There’s a lot of interesting stuff in this piece on David Wain — his movement between the mainstream and the esoteric, for one — but one especially interesting thread is the description of how his real-life stress gave him the idea for Wanderlust:
“You always fantasize about: Could I just pick up and completely do something else?” Mr. Wain said. “Who says you have to go to a job, and who says you have to earn money? Who says you have to have a bathroom with a door? All these things are societal assumptions, and how far can you go with that?”
The movie takes place on a commune where people share the work of milking goats, making campfires, and interrupting each other on the toilet. In short, the setting is a perpetual summer camp (not coincidentally, another location Wain paid tribute to in Wet Hot American Summer). The fantasy of escape from the daily grind is universal to anyone who’s ever worked a job, paid rent, or guiltily ordered delivery instead of cooking. But does it resonate even more deeply with comedians?
Comedians are observant, neurotic, hyperaware. It’s in their nature to take the small aggravations of the world and make mountains out of molehills. They can’t “not sweat the small stuff” because the sweat that comes from sweating the small stuff is the very fluid that powers the hydraulic machinery of their livelihood. They’re practically required to feel the “am I doing the right thing with my life?” angst that Wain speaks to above.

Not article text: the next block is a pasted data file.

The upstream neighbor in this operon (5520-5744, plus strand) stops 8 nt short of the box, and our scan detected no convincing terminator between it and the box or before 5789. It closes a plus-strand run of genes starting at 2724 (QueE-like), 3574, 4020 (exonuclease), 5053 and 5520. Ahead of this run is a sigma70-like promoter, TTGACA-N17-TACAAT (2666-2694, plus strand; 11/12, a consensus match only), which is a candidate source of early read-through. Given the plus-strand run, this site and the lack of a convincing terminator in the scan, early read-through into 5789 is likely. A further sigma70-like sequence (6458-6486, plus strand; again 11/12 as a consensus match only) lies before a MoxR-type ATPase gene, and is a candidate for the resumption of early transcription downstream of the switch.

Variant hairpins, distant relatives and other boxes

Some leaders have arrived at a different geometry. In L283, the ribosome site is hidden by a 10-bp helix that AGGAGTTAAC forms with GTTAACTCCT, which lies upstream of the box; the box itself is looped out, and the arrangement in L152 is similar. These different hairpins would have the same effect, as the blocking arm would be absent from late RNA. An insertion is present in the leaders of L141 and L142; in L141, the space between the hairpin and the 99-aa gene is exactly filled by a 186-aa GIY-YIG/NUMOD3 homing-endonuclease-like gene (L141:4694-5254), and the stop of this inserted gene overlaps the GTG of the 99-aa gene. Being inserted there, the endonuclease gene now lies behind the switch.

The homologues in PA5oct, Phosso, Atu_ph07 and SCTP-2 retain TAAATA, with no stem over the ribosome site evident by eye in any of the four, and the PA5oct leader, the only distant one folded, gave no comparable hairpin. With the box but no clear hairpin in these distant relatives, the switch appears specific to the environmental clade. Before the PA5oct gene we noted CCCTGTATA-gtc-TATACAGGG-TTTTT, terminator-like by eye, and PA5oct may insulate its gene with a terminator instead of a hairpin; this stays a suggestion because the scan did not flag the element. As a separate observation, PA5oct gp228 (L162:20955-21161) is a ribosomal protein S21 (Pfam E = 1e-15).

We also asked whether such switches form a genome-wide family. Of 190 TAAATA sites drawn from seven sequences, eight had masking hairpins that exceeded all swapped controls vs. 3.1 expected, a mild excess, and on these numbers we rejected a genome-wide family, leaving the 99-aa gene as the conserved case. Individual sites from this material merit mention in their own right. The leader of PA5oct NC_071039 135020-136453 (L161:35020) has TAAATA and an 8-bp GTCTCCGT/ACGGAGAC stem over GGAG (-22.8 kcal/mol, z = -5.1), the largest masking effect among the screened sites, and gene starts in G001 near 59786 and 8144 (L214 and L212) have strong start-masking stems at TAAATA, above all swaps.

Beyond dissatisfaction with their current routines, I’d argue that the summer camp fantasy is uniquely appealing to comedians too. One of the biggest draws of a comedy writing career is the casually collaborative atmosphere. Whether in a formal writer’s room or just a bar where you’re drinking beer and building on bits, comedians largely thrive on each other’s presence. Maybe it’s because most of them were real unpopular in middle school, and the idea of being an insider in a gang of buddies is especially attractive. The comedian’s perfect environment? Someplace like summer camp, where everyone’s always goofing off together.
What do you think - am I reading too much into this, and crediting comedians with a fantasy life that, let’s be honest, is probably shared by everyone in the world, even dentists and accountants? (Who wouldn’t want a foursome with Paul Rudd, Jennifer Aniston, and a goat?) Or does the psychology of the comedian lend itself to this particular fantasy in a deeper way?